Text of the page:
And then there are the issues that defy categorization. Issue 16 features panels that fold out in every direction, opening to display a softcover book, an oversize deck of cards with a story printed on it, and a comb. Issue 17 looks like a bundle of mail. Issue 19 is a bunch of ephemera in a cardboard cigar box, along with a “literary supplement” (the actual McSweeney’s issue). Issue 22 has a magnetic binding with three detachable softcover books within it. Issue 23 has an enormous fold-out dustjacket with a volville by Dave Eggers printed on the reverse. Issue 24 has a Z-binding that opens from both sides. Issue 26 is broken down into small books that look like Armed Forces Edition books. And finally, issue 27 houses three books in a slipcase with widows cut into the sides so that the art on the outside of the case changes based on which books are facing out.

As a collector, I’m more interested in the early editions, because they are rarer and much more valuable. However, it’s telling that I don’t own any issues before #5… as a book nut, I’m way more interested in the recent issues, even though their resale value will be nil for at least 20 years. Even then, I don’t know how much they will appreciate. In 1998, when McSweeney’s was young, I imagine that their print runs were only 1000 to 2000 copies, while now, I have a feeling they print 10,000 to 20,000 of each issue. A full set would certainly be worth investing in from a collector’s perspective, but individual issues after #8 often have a hard time getting half their cover price in the marketplace. (Of course, there are always exceptions to this when buyers get overzealous, but it will be a good long time before any issue of McSweeney’s besides the first 3 can legitimately be called “rare.”)

I am ambivalent about book-as-art endeavors. I have seen books that are just plain unreadable (especially comically oversized ones – books that not surprisingly are also ridiculously expensive), and I think those books are pretty worthless, even if they are attractive sculptures. But, for the most part, I like it when books break out of the standard although very efficient format of housing pages within a front and back cover. Any book that requires CAD drawings or 3D mockups is worth a look, and McSweeney’s has done a fantastic job being inventive while continuing to put out commercially viable book objects. I just wish that that commercial success did more to push other publishers to take chances with their book designs, rather than being reflected back on the stereotypical McSweeney’s reader as someone who cares more about appearances than literature.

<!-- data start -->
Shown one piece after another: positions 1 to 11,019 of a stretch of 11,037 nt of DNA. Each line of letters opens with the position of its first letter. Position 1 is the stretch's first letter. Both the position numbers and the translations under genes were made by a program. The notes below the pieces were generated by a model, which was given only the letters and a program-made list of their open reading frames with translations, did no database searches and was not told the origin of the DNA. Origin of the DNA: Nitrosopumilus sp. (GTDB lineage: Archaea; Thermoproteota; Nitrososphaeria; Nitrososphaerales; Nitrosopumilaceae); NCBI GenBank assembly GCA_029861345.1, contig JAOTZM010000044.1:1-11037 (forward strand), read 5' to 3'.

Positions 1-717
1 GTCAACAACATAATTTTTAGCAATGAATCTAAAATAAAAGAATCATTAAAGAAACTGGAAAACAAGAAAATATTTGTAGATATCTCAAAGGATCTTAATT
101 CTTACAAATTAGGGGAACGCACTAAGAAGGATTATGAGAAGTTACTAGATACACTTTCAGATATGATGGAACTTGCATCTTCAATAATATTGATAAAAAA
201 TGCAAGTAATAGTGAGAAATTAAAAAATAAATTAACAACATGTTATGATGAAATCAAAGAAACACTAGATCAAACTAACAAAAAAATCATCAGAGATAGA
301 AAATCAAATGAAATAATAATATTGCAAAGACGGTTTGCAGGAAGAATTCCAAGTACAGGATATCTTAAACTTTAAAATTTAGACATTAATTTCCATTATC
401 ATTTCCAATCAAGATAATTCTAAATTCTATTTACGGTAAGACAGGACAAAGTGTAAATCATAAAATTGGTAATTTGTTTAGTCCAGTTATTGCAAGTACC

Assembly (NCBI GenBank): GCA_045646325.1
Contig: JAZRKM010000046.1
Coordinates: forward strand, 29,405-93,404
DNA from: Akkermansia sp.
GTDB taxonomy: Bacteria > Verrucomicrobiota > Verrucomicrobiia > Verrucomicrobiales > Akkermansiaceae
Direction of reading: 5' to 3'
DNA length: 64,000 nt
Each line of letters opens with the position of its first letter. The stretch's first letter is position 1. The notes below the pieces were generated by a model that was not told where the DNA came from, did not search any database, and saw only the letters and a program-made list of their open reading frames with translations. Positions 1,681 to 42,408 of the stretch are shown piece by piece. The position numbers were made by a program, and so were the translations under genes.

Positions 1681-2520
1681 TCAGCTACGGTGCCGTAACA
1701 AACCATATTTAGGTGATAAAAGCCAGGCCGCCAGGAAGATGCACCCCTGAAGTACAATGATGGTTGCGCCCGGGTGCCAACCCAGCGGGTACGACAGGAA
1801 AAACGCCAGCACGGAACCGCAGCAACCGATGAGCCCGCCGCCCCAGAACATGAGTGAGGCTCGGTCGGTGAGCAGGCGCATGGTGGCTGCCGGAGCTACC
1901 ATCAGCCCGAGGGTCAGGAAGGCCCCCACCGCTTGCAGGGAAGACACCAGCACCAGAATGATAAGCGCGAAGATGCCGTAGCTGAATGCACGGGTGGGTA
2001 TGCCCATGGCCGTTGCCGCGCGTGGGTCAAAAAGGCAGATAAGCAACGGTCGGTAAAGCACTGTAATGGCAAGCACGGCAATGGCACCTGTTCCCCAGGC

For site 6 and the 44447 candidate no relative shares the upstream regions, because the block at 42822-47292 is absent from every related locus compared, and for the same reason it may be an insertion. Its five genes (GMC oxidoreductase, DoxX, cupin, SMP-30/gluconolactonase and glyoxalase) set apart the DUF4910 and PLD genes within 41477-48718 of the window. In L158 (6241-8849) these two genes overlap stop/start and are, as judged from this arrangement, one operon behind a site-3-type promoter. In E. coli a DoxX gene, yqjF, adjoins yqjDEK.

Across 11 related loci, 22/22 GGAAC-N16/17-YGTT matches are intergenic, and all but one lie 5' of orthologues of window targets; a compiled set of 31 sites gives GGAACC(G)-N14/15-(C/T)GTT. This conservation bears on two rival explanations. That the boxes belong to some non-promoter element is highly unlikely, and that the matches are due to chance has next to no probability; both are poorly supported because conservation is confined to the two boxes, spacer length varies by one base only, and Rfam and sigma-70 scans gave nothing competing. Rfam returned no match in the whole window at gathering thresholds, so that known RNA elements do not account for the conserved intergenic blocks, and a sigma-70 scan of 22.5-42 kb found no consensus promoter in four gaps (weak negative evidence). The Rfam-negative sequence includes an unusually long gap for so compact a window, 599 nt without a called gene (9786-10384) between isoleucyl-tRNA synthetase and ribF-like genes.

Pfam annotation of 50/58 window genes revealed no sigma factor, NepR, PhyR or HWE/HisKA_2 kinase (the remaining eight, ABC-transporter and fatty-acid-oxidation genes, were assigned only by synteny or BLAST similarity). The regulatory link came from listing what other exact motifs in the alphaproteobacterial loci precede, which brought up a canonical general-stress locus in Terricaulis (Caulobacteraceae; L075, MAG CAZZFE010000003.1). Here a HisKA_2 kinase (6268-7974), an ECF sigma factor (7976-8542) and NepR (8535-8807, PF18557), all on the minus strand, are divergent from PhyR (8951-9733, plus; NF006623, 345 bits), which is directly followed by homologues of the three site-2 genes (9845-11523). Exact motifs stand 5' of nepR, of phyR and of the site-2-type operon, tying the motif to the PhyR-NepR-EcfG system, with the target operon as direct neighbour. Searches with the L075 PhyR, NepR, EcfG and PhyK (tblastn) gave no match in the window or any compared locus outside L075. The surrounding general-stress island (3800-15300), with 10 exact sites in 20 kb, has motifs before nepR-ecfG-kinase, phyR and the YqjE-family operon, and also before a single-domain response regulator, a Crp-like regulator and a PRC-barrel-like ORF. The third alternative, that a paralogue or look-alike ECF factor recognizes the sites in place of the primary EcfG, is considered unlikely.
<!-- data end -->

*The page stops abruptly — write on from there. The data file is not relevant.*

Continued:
Any high-end publisher knows that the materiality of a book is a prime factor in whether or not collectors will pay a premium for its merchandise. I think it’s a shame that when McSweeney’s demonstrates this focus on materiality, they are criticized for being superficial and putting more effort into the exterior while passing off the actual printed pages as an afterthought. Instead, I see them bringing a type of book that is almost exclusively the domain of highly limited, uber-expensive editions to a price point that any bookstore patron can afford. For all the guff they give collectors with their multiple variants and fragile covers, I think McSweeney’s is really innovative in how they encourage readers to be interested not just in literature, but also in books themselves.

And, really, should I be complaining if the core readership of McSweeney’s is an army of girls in plaid skirts and horn-rimmed glasses?


2 Responses to “Yes I Died a Little Inside when Juno Coined “Nerdy Chicks who Read McSweeney’s” as a Cultural Trope”

  1. 1 justine June 1, 2008 at 3:31 am

    in an age where so much of what we read is mediated through digital transmissions, book design is more important than ever. the argument that books are dying out as more and more literature becomes available online is clearly just not true. a computer will never replicate the materiality of books: and for a lot of readers the packaging is a huge part of the product: the linen or silk bound boards, the textured and deckled-edge paper, or the maze-like construction of some of mcsweeney’s books – the desire and appreciation for these things will never die out.

    a bad collection of stories on a computer screen is just that. but at least a bad collection of stories housed in beautiful book at least retains its aesthetic appeal.

  1. 1 Dave Eggers, Newspaper Baron « If I Were Built Trackback on January 11, 2010 at 6:31 am